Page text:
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Sunday, April 26, 2009

First Aid Supplies - Just Like Food Preps

For when times get tough, we are all preparing by laying in a supply of food, water, some tools and hopefully some printed information for reference. First Aid supplies are often not given a high enough priority in our planning.

I approach First Aid supplies in much the same way as I do with food storage purchases. Each time I go grocery shopping, I take a tour down bathroom aisle and pick up one or two First Aid items. Just like buying a couple of extra cans of food on each trip, your First Aid supplies will quickly multiply to a respectable level.

Preassembled First Kits sold in hardware stores or Pharmacies are wholly inadequate for any extended emergency and doubly so for any serious injury where the ambulance can't or wont be coming anytime soon. Thankfully most of us rarely need a well rounded set of First Aid supplies but let me tell you, that if you slip with that chainsaw or your sharp knife the one or two rolls of gauze in your prepackaged kit will not be adequate to stop the bleeding and there wont be enough to keep the wound clean and dressed.

Discount supplies can be found at pharmacies, grocery stores, Walmart as well as other discount stores. Always check the packaging to ensure the product (if applicable) is labelled as being sterilized. Some "band-aid" type adhesive bandages are not sterile, the same for some gauze pads and rolls. In your assembled "mega-kit" you should have everything you need to treat most medical situations short of invasive surgery.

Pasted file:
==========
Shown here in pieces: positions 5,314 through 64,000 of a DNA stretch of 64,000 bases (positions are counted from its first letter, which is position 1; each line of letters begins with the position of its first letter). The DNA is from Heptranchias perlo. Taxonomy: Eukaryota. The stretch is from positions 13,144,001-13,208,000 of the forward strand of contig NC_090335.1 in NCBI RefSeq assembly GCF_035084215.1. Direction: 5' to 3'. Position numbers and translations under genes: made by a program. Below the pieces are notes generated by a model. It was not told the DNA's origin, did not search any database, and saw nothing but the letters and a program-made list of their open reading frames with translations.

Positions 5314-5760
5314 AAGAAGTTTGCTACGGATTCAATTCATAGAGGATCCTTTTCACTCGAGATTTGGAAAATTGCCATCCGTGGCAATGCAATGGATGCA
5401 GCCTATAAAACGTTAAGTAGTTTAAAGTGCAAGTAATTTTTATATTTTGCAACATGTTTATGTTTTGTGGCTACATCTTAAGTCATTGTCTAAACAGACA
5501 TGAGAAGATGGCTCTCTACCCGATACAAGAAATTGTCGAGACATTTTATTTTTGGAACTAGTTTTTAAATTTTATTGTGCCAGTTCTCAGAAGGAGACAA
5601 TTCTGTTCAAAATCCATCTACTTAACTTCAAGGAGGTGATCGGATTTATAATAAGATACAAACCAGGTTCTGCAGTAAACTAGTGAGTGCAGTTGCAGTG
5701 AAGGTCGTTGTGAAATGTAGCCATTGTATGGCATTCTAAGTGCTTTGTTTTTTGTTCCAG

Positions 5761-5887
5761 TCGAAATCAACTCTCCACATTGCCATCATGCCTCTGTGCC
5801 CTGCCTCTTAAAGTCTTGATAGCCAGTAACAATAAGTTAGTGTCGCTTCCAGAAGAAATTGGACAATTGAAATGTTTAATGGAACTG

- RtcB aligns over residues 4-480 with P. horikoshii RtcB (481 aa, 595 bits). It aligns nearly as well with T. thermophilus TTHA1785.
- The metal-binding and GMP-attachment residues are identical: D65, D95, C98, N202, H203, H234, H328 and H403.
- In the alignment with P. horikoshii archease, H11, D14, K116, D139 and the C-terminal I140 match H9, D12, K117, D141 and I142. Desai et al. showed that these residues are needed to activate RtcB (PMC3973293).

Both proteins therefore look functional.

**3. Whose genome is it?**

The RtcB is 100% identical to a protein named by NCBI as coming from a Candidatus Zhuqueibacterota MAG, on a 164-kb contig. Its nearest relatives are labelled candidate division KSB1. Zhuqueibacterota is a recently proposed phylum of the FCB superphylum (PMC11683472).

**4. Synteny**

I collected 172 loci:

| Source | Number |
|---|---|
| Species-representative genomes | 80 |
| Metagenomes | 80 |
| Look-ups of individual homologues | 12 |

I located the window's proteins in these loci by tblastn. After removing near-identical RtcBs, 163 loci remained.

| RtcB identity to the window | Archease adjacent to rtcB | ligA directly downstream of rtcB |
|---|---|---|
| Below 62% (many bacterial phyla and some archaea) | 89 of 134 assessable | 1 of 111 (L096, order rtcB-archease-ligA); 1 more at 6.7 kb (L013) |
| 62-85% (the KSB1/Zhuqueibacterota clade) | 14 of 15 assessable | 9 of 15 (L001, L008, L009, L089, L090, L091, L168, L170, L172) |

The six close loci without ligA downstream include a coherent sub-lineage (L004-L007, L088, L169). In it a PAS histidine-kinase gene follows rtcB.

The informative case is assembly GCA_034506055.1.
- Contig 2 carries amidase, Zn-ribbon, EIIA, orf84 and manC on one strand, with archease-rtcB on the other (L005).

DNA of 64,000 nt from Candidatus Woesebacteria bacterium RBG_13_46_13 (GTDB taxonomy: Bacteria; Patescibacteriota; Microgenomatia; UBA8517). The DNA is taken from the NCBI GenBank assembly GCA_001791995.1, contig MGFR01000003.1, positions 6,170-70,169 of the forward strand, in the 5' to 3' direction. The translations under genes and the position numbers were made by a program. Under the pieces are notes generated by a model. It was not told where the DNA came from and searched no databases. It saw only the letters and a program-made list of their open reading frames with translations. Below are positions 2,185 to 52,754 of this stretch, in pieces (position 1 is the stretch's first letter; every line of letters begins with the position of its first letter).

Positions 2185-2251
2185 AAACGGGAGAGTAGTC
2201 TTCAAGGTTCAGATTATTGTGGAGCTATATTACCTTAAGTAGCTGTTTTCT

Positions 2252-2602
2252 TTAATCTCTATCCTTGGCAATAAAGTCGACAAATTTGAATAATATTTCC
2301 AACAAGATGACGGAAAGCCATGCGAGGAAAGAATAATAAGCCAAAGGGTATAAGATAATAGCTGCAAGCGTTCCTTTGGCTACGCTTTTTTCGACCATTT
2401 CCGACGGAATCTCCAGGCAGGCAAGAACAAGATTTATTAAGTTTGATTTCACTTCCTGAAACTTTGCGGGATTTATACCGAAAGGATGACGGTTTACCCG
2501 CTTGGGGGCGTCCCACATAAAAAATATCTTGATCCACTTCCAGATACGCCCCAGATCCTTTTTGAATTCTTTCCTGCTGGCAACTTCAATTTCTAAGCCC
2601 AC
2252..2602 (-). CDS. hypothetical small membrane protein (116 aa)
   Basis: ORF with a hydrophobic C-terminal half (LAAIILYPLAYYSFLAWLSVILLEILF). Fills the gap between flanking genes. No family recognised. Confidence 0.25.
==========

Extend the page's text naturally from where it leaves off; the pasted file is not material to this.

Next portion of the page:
You can not have too many band aids, gauze pads & rolls, triangular bandages, antiseptic wipes, alcohol, iodine, hydrogen-peroxide, polysporin, antacid tablets, over the counter pain mediation, antihistamines, Imodium tablets, antibiotics (ask your doctor), epi-pen, safety pins, scalpels, syringes, good scissors, tape, sutures, petroleum jelly, blistex, throat lozenges, thermometer, face shields, gloves, space blankets and the list goes on and on.

You should have a small First Aid kit in your get home bag or pack, a larger kit in your car, and a "monster kit" at home. Treating any serious injury in the field while waiting for help to arrive will use more of your supplies than you probably realize. I have been in a situation where I used several field dressings, more than 10 rolls of gauze bandages/sponges, three triangular bandages, several splints and an entire bottle of peroxide just cleaning and dressing the wounds of one person. In an extended emergency, you may need to go back to your first aid kit many times before the opportunity to restock used items presents itself.

I highly recommend that every member of your family take a CPR/A.R. course as well as an advanced First Aid course offered by the Red Cross or St. John's Ambulance people. Surrounding yourself with trained people might very well save your life if they have the knowledge and supplies to act when the situation requires it.

A good medical practices/treatment book belongs on the shelf of any home library.

[What have you done today to prepare?]


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